Johanna Higgs giving a presentation to a group of students at the University of Kurdistan Hawler. Photo: Supplied
ERBIL, Kurdistan region – Johanna Higgs is a women’s rights researcher who has travelled to at least 108 countries in the world. Now she is in the Kurdistan Region investigating sexual violence against women in the region.
At almost 34 years old, Higgs has travelled to China, Iran, the islands in Vanuatu, where people don’t wear clothes, to Indonesia and Yemen, She’s visited Kurdish farmers in Iran, rode a pushbike across Zimbabwe, crossed the Darien Gap, between Panama and Colombia, visited Indonesia, attended bucks parties in Yemen, danced with Maasai in Tanzania. She has certainly lived an adventurous life.
It all started for Higgs at 19 years of age. Growing up in Perth, in Western Australia, very removed from poverty and war, she saved up all her money and bought a plane ticket to Europe and from there ended up in the Balkans.
Arriving in the Balkans 5 or 6 years after the last civil war in Kosovo, it was her first experience in a post-conflict region. “I was so shocked because there were blown up buildings everywhere.”
“I remember seeing this big pile of rubble where a house had been blown up, and a little boy was playing with a truck in the middle of this rubble. I was so shocked that a child should have to play in such conditions”, she said, the experience setting her on a new life trajectory.
In each country she visits, what she’s most interested in is listening to women’s stories, particularly women’s stories of violence, noting that the women’s experiences are the same everywhere in the world, because violence against women is a global phenomenon. Domestic violence, sexual harassment, sexual violence, discrimination, and lack of laws to protect women are common experiences for women in the countries Higgs has visited.
“There are certain things that are the same in this world, the desire for freedom and dignity, to be treated well, with respect and dignity”, she said. “Wherever I am in the world I find that women are denied freedom and dignity.”
Higgs founded the charitable organisation Project Monma in 2013 to help raise awareness of the issue of global violence against women.
In the Kurdistan Region, Higgs has been investigating sexual harassment of women and girls.
“On this trip I found that all the girls that I spoke with, of all backgrounds, Yezidis, Syrian refugees, Kurdish Iraqi women, and foreigners had stories of being followed on the street, having men making inappropriate comments, staring and being inappropriately touched,” Higgs said.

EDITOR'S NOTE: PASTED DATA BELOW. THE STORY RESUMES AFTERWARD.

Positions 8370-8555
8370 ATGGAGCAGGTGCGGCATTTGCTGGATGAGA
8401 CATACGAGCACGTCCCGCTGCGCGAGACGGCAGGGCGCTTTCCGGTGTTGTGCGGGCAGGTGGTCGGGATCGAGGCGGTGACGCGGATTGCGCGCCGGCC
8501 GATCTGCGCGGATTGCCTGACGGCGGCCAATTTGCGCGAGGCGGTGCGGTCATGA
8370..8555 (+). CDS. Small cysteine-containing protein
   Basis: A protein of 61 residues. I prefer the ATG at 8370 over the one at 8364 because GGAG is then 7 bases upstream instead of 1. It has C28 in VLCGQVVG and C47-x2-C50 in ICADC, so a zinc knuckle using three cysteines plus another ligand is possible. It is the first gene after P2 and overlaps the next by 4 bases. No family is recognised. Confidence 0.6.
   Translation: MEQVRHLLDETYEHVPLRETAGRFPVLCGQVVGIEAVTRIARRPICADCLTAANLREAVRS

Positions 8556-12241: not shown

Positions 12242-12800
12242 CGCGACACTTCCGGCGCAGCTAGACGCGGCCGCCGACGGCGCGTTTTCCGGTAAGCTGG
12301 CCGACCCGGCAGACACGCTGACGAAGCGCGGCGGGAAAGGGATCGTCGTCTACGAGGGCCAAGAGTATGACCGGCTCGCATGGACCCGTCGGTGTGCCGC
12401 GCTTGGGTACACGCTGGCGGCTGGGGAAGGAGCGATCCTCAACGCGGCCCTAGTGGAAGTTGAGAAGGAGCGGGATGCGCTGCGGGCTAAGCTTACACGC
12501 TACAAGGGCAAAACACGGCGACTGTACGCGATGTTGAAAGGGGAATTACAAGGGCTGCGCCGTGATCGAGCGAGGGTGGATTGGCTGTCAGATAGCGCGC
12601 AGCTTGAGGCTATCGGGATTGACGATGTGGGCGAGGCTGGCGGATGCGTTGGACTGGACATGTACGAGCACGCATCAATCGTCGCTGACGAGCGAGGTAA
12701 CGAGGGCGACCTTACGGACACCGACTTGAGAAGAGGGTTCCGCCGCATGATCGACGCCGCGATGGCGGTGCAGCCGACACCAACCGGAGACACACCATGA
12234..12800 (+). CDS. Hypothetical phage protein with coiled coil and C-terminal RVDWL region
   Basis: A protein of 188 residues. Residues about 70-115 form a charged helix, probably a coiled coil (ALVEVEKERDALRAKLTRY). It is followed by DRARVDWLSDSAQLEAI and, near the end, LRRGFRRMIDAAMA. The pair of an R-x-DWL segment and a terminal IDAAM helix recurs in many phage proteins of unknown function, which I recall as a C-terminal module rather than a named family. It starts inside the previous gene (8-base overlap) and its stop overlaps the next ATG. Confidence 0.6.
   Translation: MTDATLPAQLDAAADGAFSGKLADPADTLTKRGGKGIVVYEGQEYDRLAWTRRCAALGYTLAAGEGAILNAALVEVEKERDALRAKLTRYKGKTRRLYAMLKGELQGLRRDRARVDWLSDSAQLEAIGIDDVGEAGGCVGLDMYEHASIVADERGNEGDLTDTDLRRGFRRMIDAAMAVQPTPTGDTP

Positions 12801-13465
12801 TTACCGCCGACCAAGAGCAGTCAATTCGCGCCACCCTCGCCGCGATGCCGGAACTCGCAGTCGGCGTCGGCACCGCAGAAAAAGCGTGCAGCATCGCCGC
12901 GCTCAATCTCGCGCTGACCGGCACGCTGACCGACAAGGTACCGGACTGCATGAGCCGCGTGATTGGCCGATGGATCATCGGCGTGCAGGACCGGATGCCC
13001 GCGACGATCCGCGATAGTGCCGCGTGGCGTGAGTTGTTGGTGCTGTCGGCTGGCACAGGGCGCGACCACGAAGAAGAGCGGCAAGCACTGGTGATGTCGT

“All of the men that I spoke to as well confirmed that this was something that goes on. Interestingly, I asked all the men I spoke to if men know that it causes women harm. They all said yes, but commented that men will do it anyways.”
At a public meeting in the Italian village neighbourhood of Erbil organised by Project Monma, men and women openly discussed their everyday experiences of harassment and violence.
A few days earlier, a group of mainly foreign men and women had organised a rally to draw attention to women’s rights issues timed to coincide with worldwide anti-Donald Trump rallies.
Women protesting in central Erbil as part of worldwide anti-Trump marches on January 21. Photo: Vanessa Powell
The female protestors at the rally experienced a range of violence, two women had their hair pulled and another was badly groped.
As explained to Rudaw English by one of the protesters who did not wish to be named, “I looked behind me and I saw another woman having her hair pulled,” she said. “I turned around and told the man very clearly to stop but he just looked at me and laughed.”
“All around us were a bunch of boys laughing, so I decided to run to a taxi to get out of the crowd. As I was running to the taxi someone pulled my hair so badly that I sprained my neck.”
The group of male and female protesters holding signs were blocked in and encircled by a group of about 20 men before the protest eventually dispersed peacefully, but left the group feeling disaffected and powerless that their message was missed.
Iraq ranks as one of the worst places in the world to be a woman, coming 93 out of 102 countries in terms of gender equality, according to the OECD Development Centre.
Legal protections such as the Law on Combating Violence within Family, No. 8 was introduced in 2011, which prohibits female circumcision and criminalises forced labour, child marriage, verbal, physical and psychological abuse of girls and women and child abuse, as well as child labour in attempts to improve conditions for women in the Kurdistan Region.
One area where the Kurdistan Region has made positive progress has been on the issue of Female Genital Mutilation (FGM). While data by WADI, an Iraqi-German NGO, shows that up to 72% of women in the region have been cut, a recent study by Heartland Alliance shows there has been a drastic decline in the practice. When comparing mothers to daughters, only 10.7% of daughters report being cut, the study shows. In Halabja the practice has been all but eradicated, due to increased campaigning and better education.